What Castro Could Not Achieve: Cuban émigrés Conform to Life in Exile
METHODS: In-depth interviews with a purposive sample of 11 men & 9 women, 65 years and older, in New York / New Jersey, who left Cuba between 1959 & 1979 were conducted using a phenomenological approach. Participants recruited using snowball sampling techniques were asked open-ended questions for 90 minutes or longer about the experience of leaving Cuba and their adaptation to the U.S. MAXQDA software was used to code details, interesting quotes, and arrive at the invariant coping themes.
FINDINGS: Data showed clear patterns of positive adjustment, coping and resilience, though specific coping mechanisms and styles varied widely across participants. Interestingly, positive coping coexists alongside a thick curtain of unending nostalgia for a once idyllic homeland whose desired return to a democracy does not appear likely in their remaining lifetimes. Participants were generally able to describe both nostalgic accounts and also forward-looking coping—demonstrating they have both the ability to mourn ongoing losses for which there is no closure and also positive adaptation to current and future life events. Asked about the future of Cuba, all participants discuss a remarkable sense of never-ending hope and a pride for their Cuban roots and culture that they feel Castro could never take away from them. Several participants expressed an extraordinary sense of unending loss that defines most every aspect of their existence and yearn to return to their homeland if it changes back toward a democracy.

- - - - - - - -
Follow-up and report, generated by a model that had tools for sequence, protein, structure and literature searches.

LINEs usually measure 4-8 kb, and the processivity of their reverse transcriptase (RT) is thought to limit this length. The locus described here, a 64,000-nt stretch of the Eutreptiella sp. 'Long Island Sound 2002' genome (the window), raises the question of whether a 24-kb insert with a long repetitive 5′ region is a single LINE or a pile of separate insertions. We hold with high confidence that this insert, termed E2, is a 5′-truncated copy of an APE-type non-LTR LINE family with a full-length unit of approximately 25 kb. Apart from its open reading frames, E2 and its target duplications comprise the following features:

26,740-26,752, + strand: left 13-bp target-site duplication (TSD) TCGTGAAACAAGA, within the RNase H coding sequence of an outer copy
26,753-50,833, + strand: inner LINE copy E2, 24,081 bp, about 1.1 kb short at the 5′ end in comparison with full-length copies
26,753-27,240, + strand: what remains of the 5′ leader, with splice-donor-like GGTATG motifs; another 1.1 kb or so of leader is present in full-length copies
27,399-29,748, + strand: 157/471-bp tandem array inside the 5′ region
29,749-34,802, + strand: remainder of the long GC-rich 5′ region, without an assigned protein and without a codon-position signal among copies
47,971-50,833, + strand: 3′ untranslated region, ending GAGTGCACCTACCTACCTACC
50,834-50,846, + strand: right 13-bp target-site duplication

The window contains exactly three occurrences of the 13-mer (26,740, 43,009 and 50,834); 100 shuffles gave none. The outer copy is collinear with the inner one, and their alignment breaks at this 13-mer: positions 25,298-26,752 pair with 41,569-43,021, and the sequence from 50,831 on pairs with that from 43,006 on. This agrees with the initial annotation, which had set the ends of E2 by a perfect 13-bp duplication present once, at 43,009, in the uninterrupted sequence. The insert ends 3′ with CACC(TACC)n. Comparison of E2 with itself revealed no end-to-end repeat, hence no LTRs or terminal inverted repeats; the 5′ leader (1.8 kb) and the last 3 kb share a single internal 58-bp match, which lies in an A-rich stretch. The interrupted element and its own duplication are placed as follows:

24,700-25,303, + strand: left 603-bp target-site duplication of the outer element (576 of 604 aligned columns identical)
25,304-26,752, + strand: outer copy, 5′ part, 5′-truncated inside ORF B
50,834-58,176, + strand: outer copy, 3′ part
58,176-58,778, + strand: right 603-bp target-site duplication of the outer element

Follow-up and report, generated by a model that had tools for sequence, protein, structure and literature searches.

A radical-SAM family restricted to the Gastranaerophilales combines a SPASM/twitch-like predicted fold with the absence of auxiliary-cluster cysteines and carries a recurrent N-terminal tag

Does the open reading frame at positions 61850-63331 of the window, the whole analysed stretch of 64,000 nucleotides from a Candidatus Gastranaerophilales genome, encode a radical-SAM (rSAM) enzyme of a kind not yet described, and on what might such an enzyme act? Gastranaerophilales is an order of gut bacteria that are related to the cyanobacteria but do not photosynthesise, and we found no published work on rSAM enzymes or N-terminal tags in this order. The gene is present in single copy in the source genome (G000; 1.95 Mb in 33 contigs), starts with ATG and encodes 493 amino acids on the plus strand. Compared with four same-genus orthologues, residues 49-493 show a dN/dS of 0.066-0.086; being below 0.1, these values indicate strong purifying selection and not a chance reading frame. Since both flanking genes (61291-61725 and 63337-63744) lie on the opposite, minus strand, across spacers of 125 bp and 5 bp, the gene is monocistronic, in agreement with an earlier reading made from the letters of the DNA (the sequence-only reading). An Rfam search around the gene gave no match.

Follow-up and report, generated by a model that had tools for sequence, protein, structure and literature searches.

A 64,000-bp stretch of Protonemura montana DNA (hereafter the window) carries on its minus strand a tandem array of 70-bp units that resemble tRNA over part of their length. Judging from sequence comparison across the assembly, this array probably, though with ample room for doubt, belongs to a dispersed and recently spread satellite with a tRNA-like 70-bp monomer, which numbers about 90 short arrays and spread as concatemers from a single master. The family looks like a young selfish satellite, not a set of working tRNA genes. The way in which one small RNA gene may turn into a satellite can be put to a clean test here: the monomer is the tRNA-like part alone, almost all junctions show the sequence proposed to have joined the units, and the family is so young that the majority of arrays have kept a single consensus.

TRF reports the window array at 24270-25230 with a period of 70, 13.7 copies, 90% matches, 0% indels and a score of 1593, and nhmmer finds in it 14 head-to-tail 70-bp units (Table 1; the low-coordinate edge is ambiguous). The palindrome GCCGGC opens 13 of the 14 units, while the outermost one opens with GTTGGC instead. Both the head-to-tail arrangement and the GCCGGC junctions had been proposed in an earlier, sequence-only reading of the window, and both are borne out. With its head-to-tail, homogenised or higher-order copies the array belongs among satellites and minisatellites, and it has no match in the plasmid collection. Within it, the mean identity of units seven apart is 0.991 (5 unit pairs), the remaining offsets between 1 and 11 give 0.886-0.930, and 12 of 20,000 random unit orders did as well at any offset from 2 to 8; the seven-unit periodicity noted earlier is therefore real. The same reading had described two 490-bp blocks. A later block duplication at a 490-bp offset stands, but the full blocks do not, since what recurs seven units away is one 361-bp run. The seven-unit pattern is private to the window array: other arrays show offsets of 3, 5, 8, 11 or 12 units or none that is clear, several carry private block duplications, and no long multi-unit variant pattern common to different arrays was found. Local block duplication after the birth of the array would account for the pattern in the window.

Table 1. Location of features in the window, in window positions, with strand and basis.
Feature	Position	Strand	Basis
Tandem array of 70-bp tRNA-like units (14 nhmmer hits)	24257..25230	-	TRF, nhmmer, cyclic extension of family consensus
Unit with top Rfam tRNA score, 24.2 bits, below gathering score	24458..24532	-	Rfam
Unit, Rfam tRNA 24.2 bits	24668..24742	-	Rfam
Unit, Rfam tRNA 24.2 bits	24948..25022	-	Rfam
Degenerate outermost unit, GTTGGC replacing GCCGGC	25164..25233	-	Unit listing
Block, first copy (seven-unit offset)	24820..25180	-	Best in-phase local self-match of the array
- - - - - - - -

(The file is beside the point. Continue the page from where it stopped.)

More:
DISCUSSION: Themes involve an appreciation for the service needs of older Cuban American adults and have significant social work implications regarding forms of collective trauma and loss, which could affect similar displaced groups. Policy analysts and practitioners by understanding the pervasive nature of ambiguous loss and by appreciating the struggles involved in coping can be better positioned to help those affected. The research community can extend the literature on this understudied topic including improving the methods by which ambiguous loss is measured and extending its generalizability to other populations.